Bank of Lithuania
Topic
Target group
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All results 3
No 78
2020-08-21

Bowling Alone, Buying Alone: The Decline of Co-Borrowers in the US Mortgage Market

  • Abstract

    Using the universe of mortgage applications data and detailed credit performance data, we document that since the early 1990s there was a significant decline in the share of mortgages with co-borrowers. Although the decline was an almost universal phenomenon across different regions of the US, the rate of the decline showed significant spatial heterogeneity and in turn had implications for regional differences in economic activity. We show that the presence of a co-borrower reduces the mortgage default probability by more than 50 percent for both prime and subprime loans and those regions that had a lower co-borrower share prior to the crisis experienced higher mortgage default rates over the period 2007-2010. Higher default rates created spillovers on economic activity during the Great Recession: a lower co-borrower share at the regional level was also related to persistently lower house price growth, refinancing growth and mortgage credit growth. These results imply that the decrease in the share of mortgages with co-borrowers made the US mortgage market more vulnerable to the financial crisis and contributed to the divergence in economic outcomes across different regions.

    JEL Codes: G21, G51, R21. 

    The views expressed are those of the author(s) and do not necessarily represent those of the Bank of Lithuania.

No 69
2019-12-13

Mortgage foreclosure risk after the Great Recession

  • Abstract

    The objective of increased regulation of mortgage origination activities after the Great Recession was to prevent another foreclosure crisis in the future. However, the literature is not conclusive about the actual effect of these policy changes. By using the 2007-09 panel and subsequent waves of the Survey of Consumer Finances (SCF), we predict foreclosure risk based on individual borrower characteristics. We show that the median mortgage foreclosure probability kept decreasing after 2010, but in 2016 it was still higher relative to the year 2007. The median foreclosure probability has remained high among both non-bank borrowers and bank borrowers. The regulatory changes started in 2010, so we also compare predicted foreclosure probabilities to the levels in 2010 and find that, despite the fact that banks were affected by this regulation more than non-banks, predicted foreclosure probabilities for bank mortgages declined slower than for non-bank mortgages. Our findings offer support for a thorough analysis of the regulatory effects because they might have been weaker than expected or worked in an unexpected way.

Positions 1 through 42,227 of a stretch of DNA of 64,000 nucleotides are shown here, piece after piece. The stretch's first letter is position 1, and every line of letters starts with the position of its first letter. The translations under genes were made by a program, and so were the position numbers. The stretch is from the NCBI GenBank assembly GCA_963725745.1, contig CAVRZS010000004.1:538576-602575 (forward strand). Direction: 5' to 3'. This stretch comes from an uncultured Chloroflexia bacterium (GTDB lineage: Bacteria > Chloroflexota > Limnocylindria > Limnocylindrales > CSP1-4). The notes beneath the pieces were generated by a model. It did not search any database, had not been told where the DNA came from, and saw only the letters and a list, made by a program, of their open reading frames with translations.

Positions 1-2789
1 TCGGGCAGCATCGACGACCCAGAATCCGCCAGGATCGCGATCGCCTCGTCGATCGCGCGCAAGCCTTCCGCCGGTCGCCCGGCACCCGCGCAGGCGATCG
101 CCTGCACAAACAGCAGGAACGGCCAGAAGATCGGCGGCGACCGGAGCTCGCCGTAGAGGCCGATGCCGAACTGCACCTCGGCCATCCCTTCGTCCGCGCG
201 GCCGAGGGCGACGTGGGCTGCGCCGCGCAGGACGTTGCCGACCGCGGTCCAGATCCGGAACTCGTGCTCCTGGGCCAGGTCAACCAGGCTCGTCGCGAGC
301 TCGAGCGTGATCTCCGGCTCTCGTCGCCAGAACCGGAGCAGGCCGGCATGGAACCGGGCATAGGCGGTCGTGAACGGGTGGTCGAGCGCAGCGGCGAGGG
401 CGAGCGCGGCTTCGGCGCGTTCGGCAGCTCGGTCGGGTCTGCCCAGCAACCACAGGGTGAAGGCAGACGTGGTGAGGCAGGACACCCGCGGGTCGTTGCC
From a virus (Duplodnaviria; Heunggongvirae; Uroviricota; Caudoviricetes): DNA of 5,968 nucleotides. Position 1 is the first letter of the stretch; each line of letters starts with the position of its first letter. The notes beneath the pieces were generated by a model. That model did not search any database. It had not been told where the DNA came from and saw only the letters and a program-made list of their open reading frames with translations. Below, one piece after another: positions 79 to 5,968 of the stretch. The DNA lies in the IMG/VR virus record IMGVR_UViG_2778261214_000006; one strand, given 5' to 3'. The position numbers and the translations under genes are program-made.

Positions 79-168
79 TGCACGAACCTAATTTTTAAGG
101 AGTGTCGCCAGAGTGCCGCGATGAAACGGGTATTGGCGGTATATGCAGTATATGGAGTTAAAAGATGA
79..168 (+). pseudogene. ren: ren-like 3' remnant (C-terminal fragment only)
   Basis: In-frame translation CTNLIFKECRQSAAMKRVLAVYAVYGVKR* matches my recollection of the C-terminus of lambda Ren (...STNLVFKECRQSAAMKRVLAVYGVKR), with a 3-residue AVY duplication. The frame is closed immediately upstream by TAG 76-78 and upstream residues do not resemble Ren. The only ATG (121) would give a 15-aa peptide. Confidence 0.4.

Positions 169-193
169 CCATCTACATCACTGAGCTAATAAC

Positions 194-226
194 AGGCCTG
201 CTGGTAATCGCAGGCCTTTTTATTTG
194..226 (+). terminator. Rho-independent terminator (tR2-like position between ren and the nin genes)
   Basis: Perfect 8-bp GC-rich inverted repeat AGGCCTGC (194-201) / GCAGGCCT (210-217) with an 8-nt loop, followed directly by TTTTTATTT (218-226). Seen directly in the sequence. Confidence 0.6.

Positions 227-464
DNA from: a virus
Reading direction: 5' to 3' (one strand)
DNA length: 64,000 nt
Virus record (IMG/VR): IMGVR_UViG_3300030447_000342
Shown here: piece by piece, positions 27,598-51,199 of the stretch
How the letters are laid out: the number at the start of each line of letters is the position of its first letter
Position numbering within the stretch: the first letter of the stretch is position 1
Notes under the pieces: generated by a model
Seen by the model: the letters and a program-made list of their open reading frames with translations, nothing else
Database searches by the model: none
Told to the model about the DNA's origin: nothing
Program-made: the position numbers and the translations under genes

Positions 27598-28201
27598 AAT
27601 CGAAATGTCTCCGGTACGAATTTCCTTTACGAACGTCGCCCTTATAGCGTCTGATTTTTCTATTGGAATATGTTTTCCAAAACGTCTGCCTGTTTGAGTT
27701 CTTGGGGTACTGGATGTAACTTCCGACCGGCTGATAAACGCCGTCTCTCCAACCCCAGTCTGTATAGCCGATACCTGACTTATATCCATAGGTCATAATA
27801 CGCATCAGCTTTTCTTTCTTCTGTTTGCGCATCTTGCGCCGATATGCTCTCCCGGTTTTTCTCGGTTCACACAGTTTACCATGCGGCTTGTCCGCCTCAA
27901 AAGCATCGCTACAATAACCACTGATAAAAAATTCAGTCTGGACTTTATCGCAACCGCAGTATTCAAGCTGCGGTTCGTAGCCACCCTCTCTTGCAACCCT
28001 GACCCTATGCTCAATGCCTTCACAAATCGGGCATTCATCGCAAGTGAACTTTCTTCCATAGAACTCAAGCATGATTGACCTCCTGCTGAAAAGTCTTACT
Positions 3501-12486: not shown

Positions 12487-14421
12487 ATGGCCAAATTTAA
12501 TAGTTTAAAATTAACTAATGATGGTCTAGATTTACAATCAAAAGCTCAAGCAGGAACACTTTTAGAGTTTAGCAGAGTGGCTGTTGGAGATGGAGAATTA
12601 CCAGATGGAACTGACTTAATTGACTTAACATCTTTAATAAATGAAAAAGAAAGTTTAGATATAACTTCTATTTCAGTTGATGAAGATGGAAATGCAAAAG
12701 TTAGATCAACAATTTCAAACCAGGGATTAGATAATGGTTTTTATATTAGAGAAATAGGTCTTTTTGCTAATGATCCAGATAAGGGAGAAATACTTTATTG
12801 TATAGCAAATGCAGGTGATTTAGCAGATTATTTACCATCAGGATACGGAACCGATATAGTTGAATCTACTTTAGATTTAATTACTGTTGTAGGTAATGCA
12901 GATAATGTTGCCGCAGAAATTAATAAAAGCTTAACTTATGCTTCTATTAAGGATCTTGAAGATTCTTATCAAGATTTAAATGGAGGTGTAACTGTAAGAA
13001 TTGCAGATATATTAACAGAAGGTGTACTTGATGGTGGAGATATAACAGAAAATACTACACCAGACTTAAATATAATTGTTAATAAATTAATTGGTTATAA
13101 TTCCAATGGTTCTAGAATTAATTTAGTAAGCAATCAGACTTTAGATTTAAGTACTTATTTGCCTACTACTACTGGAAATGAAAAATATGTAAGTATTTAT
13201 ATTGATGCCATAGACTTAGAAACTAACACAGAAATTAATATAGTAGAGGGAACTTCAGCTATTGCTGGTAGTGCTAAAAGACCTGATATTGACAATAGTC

JEL Codes: C53, G21, G23.

    The views expressed are those of the author(s) and do not necessarily represent those of the Bank of Lithuania.

No 44
2017-04-24

Personal bankruptcy, bank portfolio choice and the macroeconomy

  • Abstract

    This paper explores the spillover effects from increasing personal bankruptcy protection. Innovatively, the paper shows that the spillover effects can be influenced by the bank portfolio choice. Since a low level of personal bankruptcy protection keeps an insolvent individual liable until her debt is repaid in full, lender’s returns on mortgages are less uncertain than returns on other assets ceteris paribus. Risk-averse banks would prefer mortgages over other types of assets such as corporate loans. Corporate lending and thus equilibrium output would fall. In contrary to the popular view that creditor protection smooths credit provision and makes the allocation of resources more efficient, I show that in some cases a low level of personal bankruptcy protection can lead to aggregate consumption losses. Also I show that macroprudential policies (LTV ratios) can successfully complement higher personal bankruptcy protection in ensuring even higher welfare.

    JEL Codes: E44, G11, G21, K35, R21.

    The views expressed are those of the author(s) and do not necessarily represent those of the Bank of Lithuania.